Even though you're more likely to die from a lightning strike, alligator attack or on a bicycle than from a shark attack, sharks do sometimes bite humans. According to the International Shark Attack File there were 79 cases of unprovoked shark attacks worldwide in 2010. Thirty-six of these unprovoked attacks were in U.S. waters, and 13 of these were in Florida.
There are many ways (most of them common-sense) that you can avoid a shark attack. Below is a list of what not to do if you'll be swimming in waters where sharks might be present, and techniques for getting away alive if a shark attack really does happen.
What Not to Do:
- Don't swim alone.
- Don't swim during dark or twilight hours.
- Don't swim with shiny jewelry.
- Don't swim if you have an open wound.
- Don't swim too far offshore.
- Ladies: don't swim if you're menstuating.
- Don't splash excessively or make erratic movements.
- Keep pets out of the water.
- Don't swim in areas where there are sewage (for other obvious reasons!) or pinnipeds that are hauled-out. Both areas can attract sharks.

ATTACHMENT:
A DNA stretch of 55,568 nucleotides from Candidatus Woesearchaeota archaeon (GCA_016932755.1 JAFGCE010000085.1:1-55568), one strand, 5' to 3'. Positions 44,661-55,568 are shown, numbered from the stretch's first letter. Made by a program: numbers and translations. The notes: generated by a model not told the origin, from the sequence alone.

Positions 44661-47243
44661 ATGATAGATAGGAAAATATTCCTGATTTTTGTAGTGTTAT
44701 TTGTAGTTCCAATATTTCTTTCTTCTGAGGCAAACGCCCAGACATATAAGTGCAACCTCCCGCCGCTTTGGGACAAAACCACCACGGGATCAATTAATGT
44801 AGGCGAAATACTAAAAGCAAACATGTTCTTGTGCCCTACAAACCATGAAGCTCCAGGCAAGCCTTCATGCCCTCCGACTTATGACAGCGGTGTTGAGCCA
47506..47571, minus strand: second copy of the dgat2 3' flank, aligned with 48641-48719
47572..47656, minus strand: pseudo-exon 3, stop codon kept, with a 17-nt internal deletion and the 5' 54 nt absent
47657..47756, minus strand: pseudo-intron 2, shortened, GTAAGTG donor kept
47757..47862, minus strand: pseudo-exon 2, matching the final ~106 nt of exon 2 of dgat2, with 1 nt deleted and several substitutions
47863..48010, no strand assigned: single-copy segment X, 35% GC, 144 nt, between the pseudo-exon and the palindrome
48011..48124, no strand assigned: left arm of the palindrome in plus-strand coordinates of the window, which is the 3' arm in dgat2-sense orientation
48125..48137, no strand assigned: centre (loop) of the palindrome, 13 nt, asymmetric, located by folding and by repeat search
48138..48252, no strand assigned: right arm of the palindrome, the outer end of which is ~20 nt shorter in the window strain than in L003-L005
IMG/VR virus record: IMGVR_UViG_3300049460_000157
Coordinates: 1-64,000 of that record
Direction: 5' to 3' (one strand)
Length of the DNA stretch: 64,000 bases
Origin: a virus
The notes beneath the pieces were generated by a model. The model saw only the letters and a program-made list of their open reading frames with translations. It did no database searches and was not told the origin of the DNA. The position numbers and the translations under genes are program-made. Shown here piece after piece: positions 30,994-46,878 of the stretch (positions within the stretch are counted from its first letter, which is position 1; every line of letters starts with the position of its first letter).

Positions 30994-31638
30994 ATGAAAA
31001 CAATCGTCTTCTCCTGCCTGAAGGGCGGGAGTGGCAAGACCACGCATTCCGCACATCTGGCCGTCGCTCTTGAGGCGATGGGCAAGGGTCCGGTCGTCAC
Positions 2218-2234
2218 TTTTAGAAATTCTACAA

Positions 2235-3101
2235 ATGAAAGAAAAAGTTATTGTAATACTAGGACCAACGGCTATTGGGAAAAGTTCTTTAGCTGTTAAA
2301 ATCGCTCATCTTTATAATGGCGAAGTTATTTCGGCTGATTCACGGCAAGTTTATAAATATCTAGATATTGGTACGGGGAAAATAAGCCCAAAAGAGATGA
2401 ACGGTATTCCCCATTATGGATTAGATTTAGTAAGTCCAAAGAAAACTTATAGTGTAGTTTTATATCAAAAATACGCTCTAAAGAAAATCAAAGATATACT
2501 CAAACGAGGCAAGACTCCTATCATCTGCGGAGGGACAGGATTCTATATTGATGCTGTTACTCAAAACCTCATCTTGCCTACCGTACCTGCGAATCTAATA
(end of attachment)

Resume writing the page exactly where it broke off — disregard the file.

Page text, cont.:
- Don't swim in areas being used by fishermen, as their bait could attract sharks.
- Don't push your luck - never harass a shark. Get out of the water if one is spotted.
What to Do If You're Attacked:
Let's hope you've followed the advice above and successfully avoided an attack. But what do you do if you suspect a shark's in the area or are being attacked?
- If you feel something brush against you, get out of the water. According to an article from National Geographic, many shark bite victims don't feel any pain. And sharks may strike more than once.
- If you are attacked, the rule described here is "do whatever it takes to get away." Possibilities include yelling underwater, blowing bubbles, and punching the shark's nose, eye or gills and then leaving the area before the shark strikes again.
References and Additional Information:
- Burgess, George H. 2011. ISAF Statistics on Attacking Species of Shark. (Online). FL Museum of Natural History. Accessed January 30, 2012.
- Burgess, George H. 2009. ISAF 2008 Worldwide Shark Attack Summary (Online). FL Museum of Natural History. Accessed February 5, 2010.
- Burgess, George H. 1998. Just for Kids: How to Avoid a Shark Attack Reprinted with permission from The Kids' How to Do (Almost) Everything Guide, Monday Morning Books, Palo Alto, California. Accessed February 5, 2010.
- ISAF. 2009. International Shark Attack File. (Online). FL Museum of Natural History. Accessed February 5, 2010.
- Popular Mechanics. 2009. Survive Anything: How to Escape a Shark Attack. (Online-link no longer active as of 3/31/12) Popular Mechanics. Accessed February 5, 2010.